What to Do When Your Writing Goals Seem a Long Way Off
This post was originally published in September 2017 and updated in October 2020.
What do you want to achieve with your writing?
You might have all sorts of goals. Perhaps:
- You want to win a short story competition.
- You want to make an extra $500/month freelancing.
- You want to make a full-time living as a fantasy novelist.
- You want to sell 100,000 copies of your latest book.
- You want to get a book onto the New York Times bestseller list.
Some goals are more “realistic” than others. Some goals might take years or even decades to achieve.
Whatever your writing goals are, you might feel that they’re a very long way off. If you’ve currently written a total of two short stories, ever, then making a full-time living writing fiction is going to take a while.
When your goals seem so far away, it’s easy to get discouraged – or even to give up entirely. And yet, if you don’t set goals for your writing, you’ll end up feeling that your time needs to go on something “more important” than writing.
To stick with writing even when you have big, tough goals that are going to take a lot of work, it’s important to:
- Set intermediate goals for your writing
- Get support from other writers
- Review your progress regularly
Getting Out of Your Writing Slump: Part #2 – Re-entering the Writing Zone
This post was originally published in June 2017 and updated in October 2020.
Last week, we looked at some of the practical things you can do to clear some space in your life for writing.
Simply having the time and energy to write, though, isn’t enough. You need the desire to write too … and that’s what today’s post is all about.
When you’ve not been writing for a while, you may feel unsure whether you even want to write. I felt this way back in mid-2008: I was exciting about making a living from freelance writing (I’d just left my day job) … but I was also about to start an MA degree in creative writing! I felt like I’d lost all interest in writing fiction.
Twelve years on (and with three novels and a novella out there) … you can probably guess I got out of that fiction slump. 😉
For me, the cure was – in retrospect – a bit obvious. I needed to start surrounding myself with fiction writers and with material on fiction writing again. From day one of my Masters course, that urge to write fiction was back! (more…)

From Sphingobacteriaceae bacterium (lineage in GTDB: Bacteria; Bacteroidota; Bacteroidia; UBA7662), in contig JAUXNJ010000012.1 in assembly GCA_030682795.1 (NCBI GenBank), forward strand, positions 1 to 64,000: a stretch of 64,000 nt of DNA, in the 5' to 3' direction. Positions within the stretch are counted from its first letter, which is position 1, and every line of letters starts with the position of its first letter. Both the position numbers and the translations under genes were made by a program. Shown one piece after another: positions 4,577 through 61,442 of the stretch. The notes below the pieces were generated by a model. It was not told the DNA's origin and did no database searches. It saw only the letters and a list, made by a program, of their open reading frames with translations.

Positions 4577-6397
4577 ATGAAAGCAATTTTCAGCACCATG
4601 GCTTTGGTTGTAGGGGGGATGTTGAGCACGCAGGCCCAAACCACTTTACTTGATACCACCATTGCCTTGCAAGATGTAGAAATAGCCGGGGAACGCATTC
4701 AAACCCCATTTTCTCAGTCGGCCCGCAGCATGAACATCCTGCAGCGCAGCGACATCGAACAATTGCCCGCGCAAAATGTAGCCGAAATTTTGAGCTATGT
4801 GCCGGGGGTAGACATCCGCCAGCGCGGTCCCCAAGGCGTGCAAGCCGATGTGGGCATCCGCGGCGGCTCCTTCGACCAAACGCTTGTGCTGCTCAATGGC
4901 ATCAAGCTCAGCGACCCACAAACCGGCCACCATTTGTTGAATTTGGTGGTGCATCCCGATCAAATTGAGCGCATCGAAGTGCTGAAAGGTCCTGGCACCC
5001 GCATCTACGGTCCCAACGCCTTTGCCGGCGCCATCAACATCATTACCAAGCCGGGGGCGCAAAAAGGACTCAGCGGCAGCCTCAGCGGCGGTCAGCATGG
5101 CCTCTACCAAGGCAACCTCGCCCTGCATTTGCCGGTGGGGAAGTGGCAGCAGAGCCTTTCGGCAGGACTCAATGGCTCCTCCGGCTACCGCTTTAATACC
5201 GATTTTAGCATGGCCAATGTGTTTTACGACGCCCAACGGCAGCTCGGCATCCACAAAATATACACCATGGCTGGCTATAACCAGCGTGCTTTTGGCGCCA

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My contemporary fantasy trilogy is available from Amazon. The books follow on from one another, so read Lycopolis before the others.
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Are you writing? Do you want to be writing? Every writer I’ve ever known has gone through some sort of “slump” at some point, when they do want to write but they simply don’t have the time, energy or focus to do so. Writing slumps are normal. Going through…
Have you ever given up on a big writing project part-way through – perhaps after months or years of work? I’ve abandoned plenty (three novels and two blogs, at the last count). I’ve also stuck with others even when I thought of quitting. If you’re currently struggling with a major project …
Do you sometimes feel like you’ll never make any money (or enough money) from your writing? Perhaps the money isn’t your main goal – like most writers, you probably write because you love it. However, you might also want the opportunity to do what you love for a living. In my early years as a writer, as a teenager and…
If your story doesn’t have strong, compelling characters … you’ll struggle to get readers. However intricate your plotting or however exotic your setting, if your characters are flat and uninteresting, there’s nothing for the reader to invest in. We read stories because we’re interested in…
This post was originally published in October 2017 and updated in August 2020. A lot of writers will say that you should never, ever edit when you’re writing. You can even get software that disables the backspace key or that starts eating your words if you don’t type...
This post was originally published in March 2016, and updated in August 2020. An email from an Aliventures reader landed in my inbox with the subject line, “Am I too old to become a writer?” I opened it up, assuming she was in her 70s or 80s. No. She was 37. Here’s...